Pick one of the following classes:
5. Generate Ability Scores
Before you can start making ability checks and conserving rolls, you require your ability scores. Once you have created your ability scores, make sure to add those racial modifiers you get from the race you selected in Step 2.
A. Roll for Them
This is the most typical method I have seen, and the one I personally use. The core of this is that you utilize the dice to identify what your ability scores are. The most typical method is to roll a 4d6 dice 6 and roll it 4 times and add the three highest rolls you have received. For example, If you roll two 5s, a 4 and a 3, you will only add the two 5s and one 4 and get a total of 14.
Personally, I let gamers roll two various sets of numbers utilizing the 4d6 dice and combine their highest rolls. After the two sets are rolled, I then let the gamers choose which set they want to use for their ability scores. I do this to represent edge case rolls, like rolling all ability scores listed below 10 or all of ball games are completely typical. I have also seen the rolling order for stats determine what ability score they are associated with, leaving the choice out of the player’s hands.
B. Standard Array
There exists a magic list of numbers that D&D calls the Standard Array. This is a list of numbers that you can utilize for a character’s ability scores. This selection is:
15, 14, 13, 12, 10, 8.
Take each of the numbers and appoint them to the ability scores of your option. This is my strategy of choice when developing pre-generated characters as it keeps everybody at about the same skill level, and it’s quicker. This strategy is more steady versus the danger that comes with rolling.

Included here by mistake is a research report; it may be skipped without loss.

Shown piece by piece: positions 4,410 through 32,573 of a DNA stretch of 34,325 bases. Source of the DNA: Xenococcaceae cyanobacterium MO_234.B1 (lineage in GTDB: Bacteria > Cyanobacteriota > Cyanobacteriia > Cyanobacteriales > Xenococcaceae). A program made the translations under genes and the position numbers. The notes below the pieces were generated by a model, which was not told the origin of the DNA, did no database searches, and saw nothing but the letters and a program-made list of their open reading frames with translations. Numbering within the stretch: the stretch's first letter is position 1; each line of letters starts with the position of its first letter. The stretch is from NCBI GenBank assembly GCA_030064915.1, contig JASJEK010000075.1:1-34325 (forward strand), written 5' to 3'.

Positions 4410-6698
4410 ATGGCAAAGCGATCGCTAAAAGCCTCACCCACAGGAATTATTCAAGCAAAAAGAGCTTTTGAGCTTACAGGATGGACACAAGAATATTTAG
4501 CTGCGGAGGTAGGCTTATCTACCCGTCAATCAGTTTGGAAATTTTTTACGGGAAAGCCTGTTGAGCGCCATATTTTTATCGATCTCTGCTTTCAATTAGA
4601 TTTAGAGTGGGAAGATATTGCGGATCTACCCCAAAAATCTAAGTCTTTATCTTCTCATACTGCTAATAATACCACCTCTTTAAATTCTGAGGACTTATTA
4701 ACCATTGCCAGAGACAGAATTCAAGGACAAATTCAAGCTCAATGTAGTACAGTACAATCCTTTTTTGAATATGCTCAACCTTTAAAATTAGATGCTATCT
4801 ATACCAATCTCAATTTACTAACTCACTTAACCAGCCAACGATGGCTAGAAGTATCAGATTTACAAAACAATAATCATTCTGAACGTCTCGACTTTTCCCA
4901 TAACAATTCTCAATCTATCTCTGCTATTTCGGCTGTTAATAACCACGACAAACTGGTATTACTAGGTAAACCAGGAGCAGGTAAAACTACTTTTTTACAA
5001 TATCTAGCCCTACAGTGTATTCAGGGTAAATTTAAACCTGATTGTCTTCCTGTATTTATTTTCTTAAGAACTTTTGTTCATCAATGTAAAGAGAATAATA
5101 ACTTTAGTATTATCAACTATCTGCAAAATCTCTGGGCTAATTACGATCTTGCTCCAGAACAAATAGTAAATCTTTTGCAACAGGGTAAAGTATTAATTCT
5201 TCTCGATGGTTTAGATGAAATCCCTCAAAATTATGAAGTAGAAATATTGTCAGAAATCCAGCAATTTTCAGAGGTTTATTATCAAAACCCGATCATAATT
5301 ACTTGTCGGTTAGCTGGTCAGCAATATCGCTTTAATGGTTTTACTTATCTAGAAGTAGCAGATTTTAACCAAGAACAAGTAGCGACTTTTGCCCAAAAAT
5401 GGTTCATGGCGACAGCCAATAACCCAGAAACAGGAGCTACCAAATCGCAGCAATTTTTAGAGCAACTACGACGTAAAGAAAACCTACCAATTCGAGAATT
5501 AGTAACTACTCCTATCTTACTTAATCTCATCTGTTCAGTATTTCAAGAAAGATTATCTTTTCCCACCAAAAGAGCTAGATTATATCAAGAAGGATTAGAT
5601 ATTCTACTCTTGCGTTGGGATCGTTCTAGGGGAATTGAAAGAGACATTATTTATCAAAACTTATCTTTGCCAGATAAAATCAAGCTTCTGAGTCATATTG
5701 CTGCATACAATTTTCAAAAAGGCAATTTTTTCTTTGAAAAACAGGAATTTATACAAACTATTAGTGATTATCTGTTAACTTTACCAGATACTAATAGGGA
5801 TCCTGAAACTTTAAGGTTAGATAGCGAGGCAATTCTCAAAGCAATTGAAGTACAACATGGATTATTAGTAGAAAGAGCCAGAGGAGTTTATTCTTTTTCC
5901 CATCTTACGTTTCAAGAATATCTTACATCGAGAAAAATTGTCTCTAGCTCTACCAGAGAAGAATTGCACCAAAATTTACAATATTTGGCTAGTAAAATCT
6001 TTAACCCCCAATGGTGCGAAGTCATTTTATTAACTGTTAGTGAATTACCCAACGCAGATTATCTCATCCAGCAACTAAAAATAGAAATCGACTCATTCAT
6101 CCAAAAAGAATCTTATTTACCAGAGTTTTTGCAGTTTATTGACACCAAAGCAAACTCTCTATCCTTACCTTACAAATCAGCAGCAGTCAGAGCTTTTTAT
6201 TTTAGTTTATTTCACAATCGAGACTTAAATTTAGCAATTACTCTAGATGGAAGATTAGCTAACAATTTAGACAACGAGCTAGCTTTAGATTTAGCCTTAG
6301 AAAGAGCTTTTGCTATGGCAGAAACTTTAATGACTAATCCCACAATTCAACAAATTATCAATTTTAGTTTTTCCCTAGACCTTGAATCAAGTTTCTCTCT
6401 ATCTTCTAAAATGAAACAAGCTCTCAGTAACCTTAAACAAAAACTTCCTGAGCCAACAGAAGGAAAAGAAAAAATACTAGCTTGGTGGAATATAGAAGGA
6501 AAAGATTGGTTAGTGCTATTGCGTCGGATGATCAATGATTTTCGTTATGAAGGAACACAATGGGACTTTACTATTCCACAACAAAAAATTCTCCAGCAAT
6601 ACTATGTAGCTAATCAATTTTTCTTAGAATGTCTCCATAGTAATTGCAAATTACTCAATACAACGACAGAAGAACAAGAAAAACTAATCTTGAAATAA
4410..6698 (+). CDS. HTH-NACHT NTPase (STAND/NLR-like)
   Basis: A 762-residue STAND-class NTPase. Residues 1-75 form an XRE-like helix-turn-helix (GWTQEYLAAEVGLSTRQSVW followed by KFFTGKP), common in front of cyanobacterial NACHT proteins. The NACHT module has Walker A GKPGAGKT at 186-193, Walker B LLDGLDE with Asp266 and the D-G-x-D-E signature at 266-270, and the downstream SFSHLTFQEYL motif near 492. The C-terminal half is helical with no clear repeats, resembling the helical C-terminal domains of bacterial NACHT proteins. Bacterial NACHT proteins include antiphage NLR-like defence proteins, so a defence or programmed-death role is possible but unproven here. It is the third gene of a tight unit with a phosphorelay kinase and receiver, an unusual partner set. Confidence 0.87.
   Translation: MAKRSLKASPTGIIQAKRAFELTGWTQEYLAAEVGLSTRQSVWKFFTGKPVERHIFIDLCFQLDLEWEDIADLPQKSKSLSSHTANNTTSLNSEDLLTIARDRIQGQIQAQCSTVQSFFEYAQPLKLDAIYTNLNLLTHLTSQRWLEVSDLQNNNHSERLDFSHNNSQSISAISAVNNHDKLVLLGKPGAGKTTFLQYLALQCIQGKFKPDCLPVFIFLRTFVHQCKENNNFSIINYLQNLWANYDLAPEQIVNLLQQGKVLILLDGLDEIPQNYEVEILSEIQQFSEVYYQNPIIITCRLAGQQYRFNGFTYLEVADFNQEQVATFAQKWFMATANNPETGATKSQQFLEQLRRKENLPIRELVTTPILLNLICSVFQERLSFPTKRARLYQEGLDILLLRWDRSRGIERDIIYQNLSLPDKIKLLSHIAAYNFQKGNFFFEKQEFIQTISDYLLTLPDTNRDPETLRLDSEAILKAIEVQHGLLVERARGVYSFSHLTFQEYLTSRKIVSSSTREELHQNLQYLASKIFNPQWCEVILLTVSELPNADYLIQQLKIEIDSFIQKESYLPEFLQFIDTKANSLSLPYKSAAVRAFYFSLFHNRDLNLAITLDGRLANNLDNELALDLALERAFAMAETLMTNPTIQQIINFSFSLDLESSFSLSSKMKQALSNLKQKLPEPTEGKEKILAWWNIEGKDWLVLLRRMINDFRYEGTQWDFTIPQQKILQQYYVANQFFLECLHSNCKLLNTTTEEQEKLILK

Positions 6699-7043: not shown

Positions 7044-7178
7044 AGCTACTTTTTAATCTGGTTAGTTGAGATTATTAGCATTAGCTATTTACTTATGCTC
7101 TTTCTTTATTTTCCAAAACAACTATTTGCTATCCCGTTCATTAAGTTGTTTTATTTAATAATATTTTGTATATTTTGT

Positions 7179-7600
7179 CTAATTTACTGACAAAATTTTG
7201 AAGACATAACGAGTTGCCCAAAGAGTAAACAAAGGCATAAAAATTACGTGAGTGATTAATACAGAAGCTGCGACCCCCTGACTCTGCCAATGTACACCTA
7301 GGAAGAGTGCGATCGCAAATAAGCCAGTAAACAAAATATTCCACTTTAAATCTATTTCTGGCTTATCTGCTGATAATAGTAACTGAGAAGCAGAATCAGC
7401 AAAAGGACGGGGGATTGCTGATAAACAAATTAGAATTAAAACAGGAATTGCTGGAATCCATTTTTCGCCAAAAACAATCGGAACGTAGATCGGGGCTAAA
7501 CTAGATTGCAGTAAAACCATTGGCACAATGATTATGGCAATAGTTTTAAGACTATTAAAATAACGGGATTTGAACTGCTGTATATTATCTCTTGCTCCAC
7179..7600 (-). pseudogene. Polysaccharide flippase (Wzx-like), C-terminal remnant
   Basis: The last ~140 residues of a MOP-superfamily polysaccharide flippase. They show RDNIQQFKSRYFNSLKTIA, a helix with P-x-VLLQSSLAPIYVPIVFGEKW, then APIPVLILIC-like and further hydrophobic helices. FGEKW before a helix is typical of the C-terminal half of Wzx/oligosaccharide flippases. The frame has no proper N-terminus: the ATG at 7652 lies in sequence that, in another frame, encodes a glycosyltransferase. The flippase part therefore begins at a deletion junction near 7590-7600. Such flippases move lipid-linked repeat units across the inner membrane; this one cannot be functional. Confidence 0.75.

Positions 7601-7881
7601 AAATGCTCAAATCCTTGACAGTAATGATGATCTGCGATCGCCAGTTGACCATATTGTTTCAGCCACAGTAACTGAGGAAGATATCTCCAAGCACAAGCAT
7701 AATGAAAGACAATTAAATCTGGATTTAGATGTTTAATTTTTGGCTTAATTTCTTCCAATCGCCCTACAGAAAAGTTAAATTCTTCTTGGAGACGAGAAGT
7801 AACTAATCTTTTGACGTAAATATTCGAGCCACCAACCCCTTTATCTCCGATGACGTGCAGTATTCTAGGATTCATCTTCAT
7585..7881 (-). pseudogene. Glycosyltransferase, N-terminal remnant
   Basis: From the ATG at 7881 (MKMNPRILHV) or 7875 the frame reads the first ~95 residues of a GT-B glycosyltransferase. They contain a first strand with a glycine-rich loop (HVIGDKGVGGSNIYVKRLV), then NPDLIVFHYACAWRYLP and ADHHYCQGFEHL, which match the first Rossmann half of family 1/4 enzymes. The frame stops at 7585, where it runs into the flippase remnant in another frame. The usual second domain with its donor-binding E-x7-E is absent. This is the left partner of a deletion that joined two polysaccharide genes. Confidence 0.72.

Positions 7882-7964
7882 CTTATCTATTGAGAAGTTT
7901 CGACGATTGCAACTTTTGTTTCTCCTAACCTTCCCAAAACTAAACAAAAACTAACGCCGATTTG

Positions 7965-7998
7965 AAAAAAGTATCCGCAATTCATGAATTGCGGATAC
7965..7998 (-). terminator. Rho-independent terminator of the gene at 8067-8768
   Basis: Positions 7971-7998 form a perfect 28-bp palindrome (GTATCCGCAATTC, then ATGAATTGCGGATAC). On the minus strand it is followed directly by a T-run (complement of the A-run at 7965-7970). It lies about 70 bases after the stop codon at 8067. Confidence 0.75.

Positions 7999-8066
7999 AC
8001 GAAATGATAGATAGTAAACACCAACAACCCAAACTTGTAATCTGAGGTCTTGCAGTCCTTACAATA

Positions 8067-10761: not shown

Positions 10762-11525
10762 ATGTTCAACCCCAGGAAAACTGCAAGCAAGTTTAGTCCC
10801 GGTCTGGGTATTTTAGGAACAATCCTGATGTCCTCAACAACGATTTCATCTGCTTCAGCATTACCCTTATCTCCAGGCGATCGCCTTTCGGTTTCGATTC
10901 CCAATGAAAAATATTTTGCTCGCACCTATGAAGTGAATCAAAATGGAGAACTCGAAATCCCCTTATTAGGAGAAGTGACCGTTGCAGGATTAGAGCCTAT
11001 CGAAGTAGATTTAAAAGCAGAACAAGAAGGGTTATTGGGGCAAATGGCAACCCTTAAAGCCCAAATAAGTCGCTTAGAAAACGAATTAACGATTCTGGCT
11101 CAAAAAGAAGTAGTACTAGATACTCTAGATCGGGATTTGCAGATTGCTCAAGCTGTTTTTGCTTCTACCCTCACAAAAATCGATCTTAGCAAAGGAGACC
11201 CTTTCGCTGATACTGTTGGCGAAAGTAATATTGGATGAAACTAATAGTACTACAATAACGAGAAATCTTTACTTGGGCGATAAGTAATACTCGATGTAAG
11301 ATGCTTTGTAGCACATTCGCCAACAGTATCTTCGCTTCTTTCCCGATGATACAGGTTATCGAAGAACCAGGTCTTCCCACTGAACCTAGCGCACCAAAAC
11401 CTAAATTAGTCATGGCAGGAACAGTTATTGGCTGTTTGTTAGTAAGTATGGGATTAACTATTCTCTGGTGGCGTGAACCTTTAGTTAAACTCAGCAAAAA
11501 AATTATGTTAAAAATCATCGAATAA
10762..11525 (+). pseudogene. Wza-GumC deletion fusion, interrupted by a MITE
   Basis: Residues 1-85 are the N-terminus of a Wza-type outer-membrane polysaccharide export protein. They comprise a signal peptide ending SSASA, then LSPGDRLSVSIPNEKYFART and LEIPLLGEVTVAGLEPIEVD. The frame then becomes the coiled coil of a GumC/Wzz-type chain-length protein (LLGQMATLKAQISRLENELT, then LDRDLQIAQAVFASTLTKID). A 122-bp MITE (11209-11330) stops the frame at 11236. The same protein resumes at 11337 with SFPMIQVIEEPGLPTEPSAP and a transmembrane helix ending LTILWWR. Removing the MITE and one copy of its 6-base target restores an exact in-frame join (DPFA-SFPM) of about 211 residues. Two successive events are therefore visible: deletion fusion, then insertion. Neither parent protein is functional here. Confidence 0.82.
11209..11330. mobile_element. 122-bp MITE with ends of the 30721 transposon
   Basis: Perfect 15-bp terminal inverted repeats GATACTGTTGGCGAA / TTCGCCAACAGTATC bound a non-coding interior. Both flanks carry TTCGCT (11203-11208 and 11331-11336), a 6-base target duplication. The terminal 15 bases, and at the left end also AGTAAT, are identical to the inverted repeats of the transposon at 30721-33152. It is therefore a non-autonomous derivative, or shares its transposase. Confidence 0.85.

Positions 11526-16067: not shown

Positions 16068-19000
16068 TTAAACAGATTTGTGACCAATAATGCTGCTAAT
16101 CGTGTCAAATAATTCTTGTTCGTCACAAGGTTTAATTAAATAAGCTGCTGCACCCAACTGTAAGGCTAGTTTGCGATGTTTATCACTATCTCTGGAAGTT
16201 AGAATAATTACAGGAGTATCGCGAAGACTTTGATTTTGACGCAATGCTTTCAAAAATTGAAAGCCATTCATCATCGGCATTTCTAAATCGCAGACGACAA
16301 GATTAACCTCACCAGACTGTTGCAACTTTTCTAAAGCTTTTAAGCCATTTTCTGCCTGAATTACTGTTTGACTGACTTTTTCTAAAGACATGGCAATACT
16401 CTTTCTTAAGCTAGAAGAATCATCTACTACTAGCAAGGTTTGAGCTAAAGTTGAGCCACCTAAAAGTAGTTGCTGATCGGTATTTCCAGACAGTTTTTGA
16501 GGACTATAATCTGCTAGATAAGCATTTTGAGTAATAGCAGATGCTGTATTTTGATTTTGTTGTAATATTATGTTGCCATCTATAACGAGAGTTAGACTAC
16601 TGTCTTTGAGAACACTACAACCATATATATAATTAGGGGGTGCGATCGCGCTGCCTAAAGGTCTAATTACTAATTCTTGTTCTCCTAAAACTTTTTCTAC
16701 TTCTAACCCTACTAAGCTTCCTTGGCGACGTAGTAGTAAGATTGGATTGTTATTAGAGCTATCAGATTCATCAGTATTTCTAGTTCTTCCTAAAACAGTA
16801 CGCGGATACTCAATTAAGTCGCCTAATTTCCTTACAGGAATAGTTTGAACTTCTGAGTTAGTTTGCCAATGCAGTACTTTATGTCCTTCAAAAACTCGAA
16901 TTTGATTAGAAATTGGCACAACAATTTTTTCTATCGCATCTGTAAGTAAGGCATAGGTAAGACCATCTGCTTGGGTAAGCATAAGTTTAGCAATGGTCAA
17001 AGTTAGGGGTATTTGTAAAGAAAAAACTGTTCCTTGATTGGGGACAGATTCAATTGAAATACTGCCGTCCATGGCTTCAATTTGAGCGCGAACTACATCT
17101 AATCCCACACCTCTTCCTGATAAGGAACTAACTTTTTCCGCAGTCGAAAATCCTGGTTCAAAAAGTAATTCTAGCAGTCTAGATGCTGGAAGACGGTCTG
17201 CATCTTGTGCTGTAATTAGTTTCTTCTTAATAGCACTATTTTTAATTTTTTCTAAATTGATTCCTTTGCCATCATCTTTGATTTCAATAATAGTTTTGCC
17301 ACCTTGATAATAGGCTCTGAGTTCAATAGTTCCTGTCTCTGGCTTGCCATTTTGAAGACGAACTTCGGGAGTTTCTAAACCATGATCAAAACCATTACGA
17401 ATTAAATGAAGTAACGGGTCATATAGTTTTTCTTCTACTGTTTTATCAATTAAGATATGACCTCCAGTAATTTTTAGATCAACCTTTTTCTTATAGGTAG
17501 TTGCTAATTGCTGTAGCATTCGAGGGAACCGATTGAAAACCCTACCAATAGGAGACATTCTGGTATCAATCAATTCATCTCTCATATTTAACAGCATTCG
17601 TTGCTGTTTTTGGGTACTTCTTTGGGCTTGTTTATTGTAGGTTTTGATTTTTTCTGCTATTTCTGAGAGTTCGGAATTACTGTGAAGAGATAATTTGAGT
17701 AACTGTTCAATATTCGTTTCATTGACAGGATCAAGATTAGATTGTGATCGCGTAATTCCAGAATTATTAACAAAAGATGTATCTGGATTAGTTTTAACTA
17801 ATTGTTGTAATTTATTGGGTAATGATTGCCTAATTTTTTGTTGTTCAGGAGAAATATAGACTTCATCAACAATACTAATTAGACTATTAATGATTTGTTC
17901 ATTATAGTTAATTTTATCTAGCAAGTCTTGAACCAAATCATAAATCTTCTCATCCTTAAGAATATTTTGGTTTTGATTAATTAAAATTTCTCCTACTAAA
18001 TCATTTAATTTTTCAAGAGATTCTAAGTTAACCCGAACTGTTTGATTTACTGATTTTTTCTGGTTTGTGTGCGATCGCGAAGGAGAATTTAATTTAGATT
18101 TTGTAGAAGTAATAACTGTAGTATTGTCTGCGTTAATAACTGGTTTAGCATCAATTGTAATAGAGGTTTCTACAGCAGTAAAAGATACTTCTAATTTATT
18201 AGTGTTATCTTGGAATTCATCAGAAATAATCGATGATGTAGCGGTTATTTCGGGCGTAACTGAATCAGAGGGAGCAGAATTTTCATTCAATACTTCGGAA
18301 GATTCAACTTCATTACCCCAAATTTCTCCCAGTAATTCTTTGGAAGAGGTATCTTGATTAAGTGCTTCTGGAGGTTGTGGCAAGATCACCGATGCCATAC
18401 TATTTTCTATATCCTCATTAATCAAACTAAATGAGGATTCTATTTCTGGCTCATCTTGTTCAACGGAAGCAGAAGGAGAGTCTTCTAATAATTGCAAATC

C. Point Buy
A system that I typically see used by people who enjoy turning character development into a game of optimizing some abilities is the ability to pick your ability scores utilizing a pool of points. You start with 27 points, and each ability score deserves a various quantity of points detailed here:
15 – 9 pts.
14 – 7 pts.
13 – 5 pts.
12 – 4 pts.
11 – 3 pts.
10 – 2 pts.
9 – 1 pts.
8 – 0 pts.
You can create a whole range of ability scores by “purchasing” each ability score. I personally do not like this system as much, not because of the math included, but because of the mentality that this kind of ability score generation can create. I comprehend the desire for min-maxing your scores, and that it is a variation of fun, it just isn’t what I take pleasure in having at my table.
D. Embrace Low Scores
From my experience playing, I get upset when I do not roll a score below 10. Yeah, I love a low score. This goes back to having character flaws, but this is constructed right into the system. Do you wish to be running the huge, brute Barbarian? Offer him a low Dexterity and laugh when he stops working an acrobatics check, or dread when you require him to utilize that balancing to save a teammate. Low ability scores create tension and drama. It will give you a sense of delight if you overcome the odds of having a low score. Accept failure. Accept the low ability scores.
There might be some confusion about why I awaited equipment until after ability score generation. I select to do it this way as a few of your ability scores will help determine what equipment you pick to take. While each class has a list of devices they can pick from, you can alternatively roll for beginning gold and purchase everything you choose to start with (another reason selecting a background initially is practical). All information on the devices and starting gold starts on PHB pg 143.
If you are a Fighter but have chosen that your main ability score is Dexterity, you may want to pick up a finesse weapon. If you don’t like the beginning devices a class begins with, then taking the purchasing path gives you more range, but you need to keep your class’s proficiencies in mind.
That needs to be everything! It appears like a lot, but ideally, this guide will help you learn the process of developing a character, not simply filling out the kind.